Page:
Judaism mandates great respect for God and His name. This respect is extended to written instances of God’s name and requires that they be disposed of respectfully and appropriately rather than simply thrown in the rubbish. This has significant implications for written documents which may contain references to God; any document which contains a reference to God by any of His holy names must be disposed of appropriately by the Chevra Kadisha (Jewish burial society). Such documents are referred to as ‘shemot’ (a Hebrew word literally meaning ‘names’) and, according to Jewish law, should be buried in a Jewish cemetery. In earlier times, when the majority of the Jewish population was religiously observant, it was common for even commercial and other documents of a non-religious nature to include a reference to God, giving rise to a vast number and range of documents (not merely old prayer books and the like) requiring disposal in this manner.
As a practical way of dealing with this issue, Jewish communities developed repositories called genizot (the plural of genizah, which refers to a hiding place or storage area). Shemot documents would be stored in a genizah for a period of time until the local Chevra Kadisha arranged for their burial (in modern day Sydney, for example, the Chevra Kadisha has an annual burial of shemot documents). Many synagogues included a genizah among their facilities.
The most famous genizah is the one widely known as the Cairo Genizah. In fact, this genizah was part of the Ben Ezra Synagogue in Fustat, Egypt. Originally Fustat was a city outside Cairo, but with time Cairo grew and absorbed Fustat which is now considered a suburb of Cairo.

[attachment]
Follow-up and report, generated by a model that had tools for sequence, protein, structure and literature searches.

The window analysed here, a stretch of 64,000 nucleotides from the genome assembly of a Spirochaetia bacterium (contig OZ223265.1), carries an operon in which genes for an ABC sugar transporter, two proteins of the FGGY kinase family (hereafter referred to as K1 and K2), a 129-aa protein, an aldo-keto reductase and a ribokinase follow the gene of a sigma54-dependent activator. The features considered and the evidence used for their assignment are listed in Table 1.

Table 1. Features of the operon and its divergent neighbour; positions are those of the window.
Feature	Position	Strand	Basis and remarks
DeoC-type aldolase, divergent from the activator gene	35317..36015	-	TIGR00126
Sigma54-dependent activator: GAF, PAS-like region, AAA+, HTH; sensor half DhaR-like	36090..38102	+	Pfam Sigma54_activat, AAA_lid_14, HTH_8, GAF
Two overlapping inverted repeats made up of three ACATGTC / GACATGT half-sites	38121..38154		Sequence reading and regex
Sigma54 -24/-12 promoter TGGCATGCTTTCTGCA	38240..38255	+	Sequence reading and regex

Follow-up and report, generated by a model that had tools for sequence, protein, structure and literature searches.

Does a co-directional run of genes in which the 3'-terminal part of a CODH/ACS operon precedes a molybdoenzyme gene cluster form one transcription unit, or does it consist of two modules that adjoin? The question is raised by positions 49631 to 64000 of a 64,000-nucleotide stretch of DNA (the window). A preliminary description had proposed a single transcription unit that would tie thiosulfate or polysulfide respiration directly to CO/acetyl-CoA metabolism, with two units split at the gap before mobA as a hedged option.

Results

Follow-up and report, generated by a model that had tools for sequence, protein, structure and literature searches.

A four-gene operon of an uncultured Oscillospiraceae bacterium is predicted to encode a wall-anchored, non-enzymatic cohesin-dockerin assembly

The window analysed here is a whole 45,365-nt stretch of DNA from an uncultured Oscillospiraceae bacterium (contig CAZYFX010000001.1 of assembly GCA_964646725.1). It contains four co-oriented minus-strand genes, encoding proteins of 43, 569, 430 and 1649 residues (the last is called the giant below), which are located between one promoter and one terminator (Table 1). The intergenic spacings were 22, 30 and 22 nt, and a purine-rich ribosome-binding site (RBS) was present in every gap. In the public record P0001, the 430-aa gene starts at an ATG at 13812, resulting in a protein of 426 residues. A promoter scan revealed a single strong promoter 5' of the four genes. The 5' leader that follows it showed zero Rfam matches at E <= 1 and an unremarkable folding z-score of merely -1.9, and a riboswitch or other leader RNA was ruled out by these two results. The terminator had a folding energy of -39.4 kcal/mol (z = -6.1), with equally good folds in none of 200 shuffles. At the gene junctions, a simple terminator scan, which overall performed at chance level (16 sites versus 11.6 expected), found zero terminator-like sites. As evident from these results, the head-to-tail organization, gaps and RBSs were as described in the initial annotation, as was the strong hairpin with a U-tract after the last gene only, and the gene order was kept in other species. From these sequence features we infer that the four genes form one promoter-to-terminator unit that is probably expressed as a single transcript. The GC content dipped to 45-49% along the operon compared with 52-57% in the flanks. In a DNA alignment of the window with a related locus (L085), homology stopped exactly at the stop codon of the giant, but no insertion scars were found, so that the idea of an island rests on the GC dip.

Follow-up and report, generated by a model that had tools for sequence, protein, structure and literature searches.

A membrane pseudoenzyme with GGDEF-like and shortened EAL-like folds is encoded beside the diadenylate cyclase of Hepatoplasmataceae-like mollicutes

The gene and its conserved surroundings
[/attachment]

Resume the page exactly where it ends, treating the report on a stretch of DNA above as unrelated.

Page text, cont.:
For unknown reasons, the documents supposedly stored temporarily in this genizah until they could be collected and buried, were in fact never collected and buried. Over a period of several centuries the documents in the Fustat genizah accumulated, eventually numbering about 300,000 documents in total. The dry climate in Egypt helped preserve the documents and avoid conditions such as mould which can damage or even destroy documents. The documents in the ‘Cairo Genizah’ date from 870 CE to the late 19th century, providing a vast treasure trove of well-preserved historical documents covering a vast range of topics, both secular and religious, and giving insight into Jewish life in north African and Middle Eastern communities throughout this period.
European scholars first became aware of the Cairo Genizah in the mid 18th century, but it was only in the late 19th century that scholars began taking a serious interest in the contents of the Genizah. Today documents from the Cairo Genizah may be found in a number of Western libraries including the Jewish Theological Seminary of American, the John Rylands University Library in Manchester, the Taylor-Schechter collection at Cambridge University and the Bodleian Library at Oxford University.